Why it is only PHP

Looking for an update on what I did yesterday? Well I did NOTHING. I felt quite bad about it, but if there’s something my gym habit has taught me is that you can’t be perfect every day. But today I was ready to get things done!

It is worth noting that it is the last day to work on your roadmap for Week of Hustle. Tomorrow, you have to ship things out so I was determined to get through the rest of it.

A week ago by the campfire

Last sunday following the publication of my roadmap, I had a discussion in the JFDI campfire chat room with Andy Parkinson about Helthe and what the service was. The important part of the conversation is found below.

Campfire ChatThe main takeaway that I took is that I needed to really double down on what it meant to the user to have a solution for PHP. The other popular languages at the moment tend to have one dominant framework (Django for Python and Rails for Ruby), but that’s not the case for PHP and that needs to be better explained.

PHP is 80% of the web

PHP is so prevalent for many reasons, but the important point is that PHP is represented by more than just a framework. It is used to run web dominant CMSes and E-Commerce platforms as well as various frameworks so it’s not realistic to expect one PHP library to be adequate for each. I definitely don’t believe it is. And that’s where I draw my line.

WordPress is the best example of that. I already did an exhaustive analysis of WordPress errors and how they are handled. A regular PHP library would only capture a fraction of the problems that could happen within a WordPress installation. It’s especially complex because WordPress is so defensive in its way of handling problems.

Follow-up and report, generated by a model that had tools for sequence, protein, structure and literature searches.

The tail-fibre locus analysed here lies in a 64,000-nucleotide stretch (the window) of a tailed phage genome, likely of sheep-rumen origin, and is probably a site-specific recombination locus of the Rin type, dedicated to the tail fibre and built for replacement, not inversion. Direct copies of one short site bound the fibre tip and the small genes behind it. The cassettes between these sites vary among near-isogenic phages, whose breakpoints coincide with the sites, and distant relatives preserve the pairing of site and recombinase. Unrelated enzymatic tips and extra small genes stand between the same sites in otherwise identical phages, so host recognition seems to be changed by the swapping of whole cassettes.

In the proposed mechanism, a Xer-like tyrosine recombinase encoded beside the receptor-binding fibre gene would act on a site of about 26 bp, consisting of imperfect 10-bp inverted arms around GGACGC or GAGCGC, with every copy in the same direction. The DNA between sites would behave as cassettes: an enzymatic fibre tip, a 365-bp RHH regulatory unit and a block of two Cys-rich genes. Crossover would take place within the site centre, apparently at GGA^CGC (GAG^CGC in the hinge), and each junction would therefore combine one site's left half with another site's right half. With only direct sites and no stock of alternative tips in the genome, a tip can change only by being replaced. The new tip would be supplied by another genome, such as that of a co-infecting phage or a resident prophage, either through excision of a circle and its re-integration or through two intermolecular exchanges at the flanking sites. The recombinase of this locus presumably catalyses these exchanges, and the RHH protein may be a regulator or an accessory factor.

I don’t have an issue with that per say because it makes WordPress very user-friendly which is one of its core values. It does, however, put an increased burden on the programmer who is looking for the cause of problems. This can lead to dangerous practices like cowboy coding because it’s just so hard to know what is going on at times.

We meet again copywriting

With all these ideas swirling in my head, I set to work modifying my marketing site copy.

Now I have a confession to make, whenever I have to do copywriting, I want to go hide somewhere and forget about it. It’s one of the many skills I need to build, but it’s definitely the one that makes me feel the clumsiest. I feel like Fry (Futurama) trying to play the holophor for Leela.

You have well constructed ideas in your head, but you have to put them out there and hope they get shared properly.

Before
Before Screenshot

I wanted to modify the section that discussed the more PHP centric benefits for the user to be more descriptive and explain some of the  issues I brought up earlier in the post. After 4 hours, I got a result I was satisfied with.

After Screenshot
After Screenshot

I do actually think it is an improvement over the old version. I didn’t add the logos because I couldn’t make them look good on the page with the responsive layout so I kept them out. I am curious to know if logos are something you would consider important so let me know in the comments.

I did a small modification to the FAQ to say that the deadline had passed, but I was still working on it.

This goes up tomorrow

I’ll be pushing all this out tomorrow, but will be keeping the work I did on the account creation and API disabled. I’ll be writing up my thoughts on the experience as well.

Keep up with my progress

I have been bad and haven’t sent emails everyday as I should, this is the next thing I want to spend time tackling. I’ll be sending a detailed recap at the end of the project to my mailing list. You can subscribe here. You will also get all the info when things are ready for testing.